Savana WP 8×30
By Opticron | Field: 131m | Minimum Focus: 3m | Eye Relief: 18mm | IPD: 50mm-70mm | 116mm Tall x 160mm Wide | Weight: 491 Grams | Price: £109
Maker’s Description: Handy, lightweight, thoroughly modern porro prism binoculars uniquely suited to adults and children. With popular features such as waterproofing, long eye relief and ergonomic rubber armour, the optical set-up delivers brighter, sharper more three dimensional images compared to similarly priced roof prism binoculars. In addition the wide field eyepieces and a large depth of field make for easy location and tracking of wildlife.With a minimum IPD of 50mm, the Opticron Savanna WP can be used by children as young as 7 years without fear of eye-strain. Weighing under 500g and standing just 115mm high, the binocular fits easily into a backpack or sling bag or can be stored in its lightweight neoprene case.Like their sister compact models, both the 6×30 and 8×30 are engineered to deliver excellent quality and value for money for wildlife watchers of all ages and come with a comprehensive 10 year guarantee against manufacturing defects.
What’s in the box: Savanna WP binoculars are supplied in neoprene case with carrying strap, a rain guard and wide lanyard, dust caps, cleaning cloth, and a user guide with the guarantee.
Fatbirder View: Why would one be searching for binoculars at around the £100 mark? Well, anyone first taking an interest in the wild world will want to get closer to our wary birds and mammals without disturbing them and optics fit that need. No-one taking up a new hobby wants to shell out top dollar until they know whether it’s a passing fancy or they are gripped for life. In my case I wanted something for my grandson Toby to use. He (unlike his older teenaged brother) has an interest in just about everything and teaches himself the basics of anything that interests him by borrowing a book or finding information on the net.
I must admit to feeding that interest with glossy bird books full of exotic species and ‘interesting’ facts.Now that he has been out birding with his dad and me I thought it was time to get him some bins of his own. I wanted inexpensive quality optics that wouldn’t drag him to the floor and durable ones too given, which youngsters maybe less than totally respectful of possession.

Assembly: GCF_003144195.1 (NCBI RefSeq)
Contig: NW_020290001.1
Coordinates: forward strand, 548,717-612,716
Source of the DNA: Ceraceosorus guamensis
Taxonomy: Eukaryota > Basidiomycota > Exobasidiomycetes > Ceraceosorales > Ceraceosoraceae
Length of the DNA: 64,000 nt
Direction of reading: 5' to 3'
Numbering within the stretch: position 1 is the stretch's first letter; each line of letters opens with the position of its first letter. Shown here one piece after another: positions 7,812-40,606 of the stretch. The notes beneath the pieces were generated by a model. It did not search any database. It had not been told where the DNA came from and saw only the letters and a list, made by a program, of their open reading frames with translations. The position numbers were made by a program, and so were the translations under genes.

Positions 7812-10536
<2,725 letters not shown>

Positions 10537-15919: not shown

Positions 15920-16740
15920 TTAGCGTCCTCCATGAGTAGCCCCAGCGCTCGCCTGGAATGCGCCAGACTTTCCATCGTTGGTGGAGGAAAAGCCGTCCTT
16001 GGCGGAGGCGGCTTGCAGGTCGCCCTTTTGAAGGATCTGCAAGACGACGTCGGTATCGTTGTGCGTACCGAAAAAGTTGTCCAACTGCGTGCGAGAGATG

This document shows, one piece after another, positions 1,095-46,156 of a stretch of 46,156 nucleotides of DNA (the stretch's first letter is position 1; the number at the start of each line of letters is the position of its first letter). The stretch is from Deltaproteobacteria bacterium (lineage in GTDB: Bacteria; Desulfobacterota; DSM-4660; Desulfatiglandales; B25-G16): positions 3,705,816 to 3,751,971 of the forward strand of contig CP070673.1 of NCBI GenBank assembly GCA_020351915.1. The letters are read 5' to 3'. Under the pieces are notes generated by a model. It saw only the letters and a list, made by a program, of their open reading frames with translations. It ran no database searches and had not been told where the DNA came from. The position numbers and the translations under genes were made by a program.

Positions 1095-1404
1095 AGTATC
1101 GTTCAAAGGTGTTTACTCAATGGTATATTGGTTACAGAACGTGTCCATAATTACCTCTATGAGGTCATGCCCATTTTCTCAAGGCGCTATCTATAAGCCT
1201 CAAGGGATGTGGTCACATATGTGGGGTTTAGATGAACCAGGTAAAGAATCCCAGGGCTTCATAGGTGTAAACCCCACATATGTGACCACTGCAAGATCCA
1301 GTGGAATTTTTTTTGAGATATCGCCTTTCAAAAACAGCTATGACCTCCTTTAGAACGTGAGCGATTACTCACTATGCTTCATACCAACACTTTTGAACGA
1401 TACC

There are plenty of binoculars on the market at around about the £100 mark. Most are general-purpose binoculars available in catalogues, discount stores and on-line. Frankly, birders wouldn’t touch most with a barge pole and they would be right to avoid them. Cheap can often mean nasty with problematic alignments, silly coatings, and shabby manufacturing standards too. So when you see reputable companies offering binoculars at this sort of price you would be wary but optimistic.
Over the years Opticron have impressed with their whole range of birding gear and were my first port of call and, after some discussion with them the Savanna’s were my first choice rather than compacts or roof-prism models, which for quality start at a higher price. So what’s my verdict… before I pass them on to Toby to try out for himself?
First impressions are very positive when you see what’s in the box… I was pleasantly surprised to find a soft, very lightweight but robust carrying case, which will cushion a lot of blows when they are not in use. I was also pleased with the padded lanyard, Toby is small for his age and very slightly built so his should or neck will need this padding. I was also impressed that there is a ten year guarantee too, so assuming he uses them correctly and doesn’t drop them in a lake they should have some trade-in value if he sticks with birding and wants to upgrade.
The light weight is a real plus too. Watching the birds at my feeders and then scanning the skies did not cause a strain and even one-handed they remain amongst the lightest I’ve come across.The image seems sharp and colour true and is as crisp at 500 meters as it is at 5. Focusing is smooth and easy for small fingers too and the dioptera adjustment, although rather ‘macro’ is adequate to balance your vision. Eyecups move easily and are fine set for glasses as well.
All of the above make them ideal ‘starter’ binoculars, uncompromising quality at an affordable price.Down the line there are good reasons to upgrade. For me the biggest drawbacks are the field of view and ‘shadowing’ within the image. I am used to the very best and I was a bit disappointed that I was not getting enough of the distance view as I am used to and that finding birds up close is not as easy either. Looking at my feeders ten meters away I was unable to quickly find or re-find moving targets. Its like being too ‘zoomed in’ with your scope. The shadowing was a bit irritating too. Looking through the lenses I was aware of the slight images of the inside of the binoculars. I know that one gets used to this, but they still impinge on your view.
At the price I’d have no hesitation in recommending them.
Toby’s View Toby’s view was short and sweet. He said” They are really good! The picture is clear and bright and they are easy to focus… thank you granddad!” You can’t ask for more than that!